I sent my first e-mail to the Dean campaign on September 1, 2002. Increasingly frustrated with the lead-up to the Iraq war (Congress voted on the war resolution just a month later), I was intrigued by Governor Dean’s principled stance on our policy in Iraq. More importantly, I was impressed with his ability to articulate a vision for what our country could be. In the year since then, he’s focused on a couple key phrases that have stuck with me: proclaiming a need for the “restoration of democracy”, telling us that “you have the power” and labeling his campaign “people-powered Howard.”
In each case, Governor Dean has put the emphasis not on himself, but on us. Each and every one of us are capable of making a difference. As I’ve become more involved in the campaign, I’ve realized the truth of Governor Dean’s message. I’ve met hundreds of my neighbors who are united not by anger but by hope: hope that we can together shape a future that is built on trust, compassion and hard work.
The past seven days for me are evidence of what has been happening around the country. Last Monday, I went to a seniors center to speak to a group of seniors about Howard Dean. On Tuesday, I joined 3500 fellow Illinois supporters to attend the Chicago stop on the Sleepless Summer Tour. On Wednesday, I had lunch with a friend of a friend — who, it turns out, is also active in the Dean campaign. Thursday, several of my neighbors got together to build banners and signs for our town’s upcoming Labor Day parade (and got their picture in the paper for doing so!). Friday to Sunday, Dean volunteers staffed the local Democrat booth at the annual Labor Day festival in town — handing out bumper stickers, buttons, and sharing information about the Dean campaign.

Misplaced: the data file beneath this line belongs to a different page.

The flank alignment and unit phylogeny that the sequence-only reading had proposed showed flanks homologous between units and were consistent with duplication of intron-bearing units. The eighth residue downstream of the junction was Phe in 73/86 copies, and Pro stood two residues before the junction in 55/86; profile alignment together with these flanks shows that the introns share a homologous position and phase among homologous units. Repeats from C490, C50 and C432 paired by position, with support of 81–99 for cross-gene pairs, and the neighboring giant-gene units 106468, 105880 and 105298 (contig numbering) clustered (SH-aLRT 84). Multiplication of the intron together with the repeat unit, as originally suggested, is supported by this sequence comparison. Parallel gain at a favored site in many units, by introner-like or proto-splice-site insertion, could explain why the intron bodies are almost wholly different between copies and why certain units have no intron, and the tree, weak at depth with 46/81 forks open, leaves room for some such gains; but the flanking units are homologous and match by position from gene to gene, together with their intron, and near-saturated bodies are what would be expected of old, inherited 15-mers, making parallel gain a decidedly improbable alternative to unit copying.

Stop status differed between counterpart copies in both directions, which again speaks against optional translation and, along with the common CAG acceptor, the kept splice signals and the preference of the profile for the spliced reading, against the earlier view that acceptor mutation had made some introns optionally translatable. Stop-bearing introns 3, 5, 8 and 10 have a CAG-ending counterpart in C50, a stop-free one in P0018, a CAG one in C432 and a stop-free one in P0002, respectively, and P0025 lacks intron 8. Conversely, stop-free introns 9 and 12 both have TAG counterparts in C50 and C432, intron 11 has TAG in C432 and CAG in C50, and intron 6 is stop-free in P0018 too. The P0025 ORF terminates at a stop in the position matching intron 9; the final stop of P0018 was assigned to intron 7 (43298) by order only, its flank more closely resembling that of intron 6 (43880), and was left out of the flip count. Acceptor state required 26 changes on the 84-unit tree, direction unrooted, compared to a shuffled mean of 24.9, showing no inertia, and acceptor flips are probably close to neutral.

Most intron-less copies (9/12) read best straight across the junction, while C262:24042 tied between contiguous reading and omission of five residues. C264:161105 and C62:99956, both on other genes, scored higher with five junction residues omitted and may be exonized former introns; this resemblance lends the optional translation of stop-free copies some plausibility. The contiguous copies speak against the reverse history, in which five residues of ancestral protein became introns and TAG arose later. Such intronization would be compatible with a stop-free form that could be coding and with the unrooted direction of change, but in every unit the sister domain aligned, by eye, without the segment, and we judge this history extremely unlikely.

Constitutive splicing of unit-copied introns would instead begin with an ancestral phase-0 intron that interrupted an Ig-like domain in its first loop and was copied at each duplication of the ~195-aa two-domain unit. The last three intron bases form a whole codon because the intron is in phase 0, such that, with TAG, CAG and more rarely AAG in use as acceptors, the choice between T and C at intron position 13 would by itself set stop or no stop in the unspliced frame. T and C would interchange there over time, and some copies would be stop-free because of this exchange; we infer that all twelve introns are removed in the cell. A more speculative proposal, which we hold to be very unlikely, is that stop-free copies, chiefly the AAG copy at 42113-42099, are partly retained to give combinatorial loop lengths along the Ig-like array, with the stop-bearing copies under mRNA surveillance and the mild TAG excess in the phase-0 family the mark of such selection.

Tomorrow, one year to the day after I first contacted the Dean campaign, I will be joining 20 neighbors (who I now consider friends) to march in our state’s largest Labor Day parade. Our message? “Picture a Better America.” Volunteers throughout our county have worked on collecting thousands of empty film canisters, and are inserting mock film strips with photos of Governor Dean and bullet points about his policies. (The design work was donated by a fellow volunteer.) We’ll be marching with two 3’ x 8’ banners — again designed by a volunteer and paid for by local volunteers — to encourage parade goers to “Picture a Better America.”
I know I’m not alone — that what I’ve seen happen in the last year is happening all over the country. Ignore the press when they say that what fuels this campaign is anger. They don’t know what we know: that what fuels us is each other, led by a man who will be our next President.
Happy Labor Day.